In its latest bid to encourage greener mobility, the Chinese government has extended its tax exemptions for new energy vehicle (NEV) purchases until 2020. The tax breaks introduced to reduce emissions began in 2014 and were supposed to end by December 31, 2017.
"The tax incentive covers fully electric, hybrid and fuel-cell vehicles that have obtained sales permission in China, and the measure will be effective through the end of 2020," said the Ministry of Finance.
More NEV models are expected to be added to the list of cars eligible for tax exemption, as long as they meet a set of technical, quality, safety and efficiency standards.
The move was made to "increase support for innovation and development in new energy vehicles," according to the government agency.
NEV buyers will enjoy the renewed 10% tax break as conventional combustion engine car buyers will be slapped a 10% sales tax for cars with 1.6-liter or smaller engines by January 1, 2018.
The timely extension also comes as automakers brace for new NEV quota regulations which forces them to introduce new energy vehicles or face government penalties. The quotas will come into play by 2019.
The Chinese NEV market has realized tremendous growth in the recent years driven by favorable policies, subsidies and tax incentives. A total of 609,000 NEVs were sold in the first 11 months of 2017, and the China Association of Automobile Manufacturers are hoping to breach the 700,000 unit barrier by yearend.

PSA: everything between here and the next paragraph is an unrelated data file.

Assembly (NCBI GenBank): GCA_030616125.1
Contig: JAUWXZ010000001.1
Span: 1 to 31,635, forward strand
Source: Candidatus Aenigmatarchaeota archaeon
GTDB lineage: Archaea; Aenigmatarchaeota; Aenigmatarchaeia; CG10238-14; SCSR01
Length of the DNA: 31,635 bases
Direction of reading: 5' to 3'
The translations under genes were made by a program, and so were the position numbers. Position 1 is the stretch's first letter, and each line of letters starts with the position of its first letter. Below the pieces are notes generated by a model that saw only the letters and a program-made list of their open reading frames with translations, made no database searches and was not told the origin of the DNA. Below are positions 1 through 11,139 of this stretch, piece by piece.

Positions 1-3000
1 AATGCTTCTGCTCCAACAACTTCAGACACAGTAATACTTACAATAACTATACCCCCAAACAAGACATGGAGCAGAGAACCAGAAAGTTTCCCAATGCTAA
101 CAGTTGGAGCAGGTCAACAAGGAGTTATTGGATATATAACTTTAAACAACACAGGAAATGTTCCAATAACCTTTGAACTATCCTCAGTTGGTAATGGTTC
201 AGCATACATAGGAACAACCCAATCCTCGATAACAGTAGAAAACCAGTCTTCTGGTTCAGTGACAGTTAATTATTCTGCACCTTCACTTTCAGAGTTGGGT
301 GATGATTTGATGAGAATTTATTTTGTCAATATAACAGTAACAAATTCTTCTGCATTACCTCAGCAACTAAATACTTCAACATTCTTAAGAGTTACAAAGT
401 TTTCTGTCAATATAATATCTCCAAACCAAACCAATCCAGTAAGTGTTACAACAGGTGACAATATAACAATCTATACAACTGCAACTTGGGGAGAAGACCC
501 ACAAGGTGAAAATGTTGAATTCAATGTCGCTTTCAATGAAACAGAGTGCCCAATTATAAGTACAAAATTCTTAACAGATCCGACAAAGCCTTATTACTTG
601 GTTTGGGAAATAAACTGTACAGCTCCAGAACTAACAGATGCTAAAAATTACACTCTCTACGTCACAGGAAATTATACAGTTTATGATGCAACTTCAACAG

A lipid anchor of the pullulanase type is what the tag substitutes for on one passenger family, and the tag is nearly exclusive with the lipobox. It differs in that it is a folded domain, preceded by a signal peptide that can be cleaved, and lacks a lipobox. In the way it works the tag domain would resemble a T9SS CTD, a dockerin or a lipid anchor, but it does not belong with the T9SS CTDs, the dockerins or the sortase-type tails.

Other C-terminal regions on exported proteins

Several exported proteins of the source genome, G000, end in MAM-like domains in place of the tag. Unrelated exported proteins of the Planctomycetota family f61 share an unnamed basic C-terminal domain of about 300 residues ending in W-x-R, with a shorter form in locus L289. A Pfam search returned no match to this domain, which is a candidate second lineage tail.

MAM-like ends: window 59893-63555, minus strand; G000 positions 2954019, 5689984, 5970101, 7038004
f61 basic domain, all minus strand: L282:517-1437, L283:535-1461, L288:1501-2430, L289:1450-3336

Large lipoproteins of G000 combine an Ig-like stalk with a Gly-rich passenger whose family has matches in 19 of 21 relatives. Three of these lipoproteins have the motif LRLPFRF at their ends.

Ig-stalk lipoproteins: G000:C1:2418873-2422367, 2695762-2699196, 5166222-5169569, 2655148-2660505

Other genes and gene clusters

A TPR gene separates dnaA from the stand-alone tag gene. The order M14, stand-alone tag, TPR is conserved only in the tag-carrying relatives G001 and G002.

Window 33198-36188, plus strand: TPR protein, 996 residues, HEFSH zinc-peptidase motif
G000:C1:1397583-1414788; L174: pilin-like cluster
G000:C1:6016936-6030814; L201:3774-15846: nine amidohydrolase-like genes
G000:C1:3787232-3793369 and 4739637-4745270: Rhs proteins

Increased number of charging stations
China has also realized a significant increase in charging stations which are key to increasing acceptance of electric vehicles. As of October, there are 195,000 public charging stations all over the country built by the government, an 82% increase from the same month last year.
The number of privately owned charging stations meanwhile has surged 214% to 188,000 revealed Guo Wei, an official from the National Energy Administration, at a recent forum in Beijing.
The Chinese government is eyeing an additional 12,000 stations to serve an estimated 5,000,000 NEVs by 2020.
Despite having nearly 400,000 chargers in place, there are major issues such as the problem of interoperability, as there is currently no unified charging standard set in place. The average utilization rate of public chargers is currently at a very low 15%.
Government takes the lead
In a move to further encourage the use of NEVs, a new regulation on official vehicle use was issued earlier this month. It mandates the Communist Party of China and government agencies to take the lead in using new energy vehicles.
New green plates
Localities have also started issuing special license plates for NEVs. These plates will be available in two types: a small new energy vehicles special plate background with a gradient of green, large new energy vehicles with a plate number of yellow and green double color, and the common car plate phase. The new alphanumeric combinations will feature six numeric digits instead of five, in anticipation to increased adoption of NEVs in the coming years.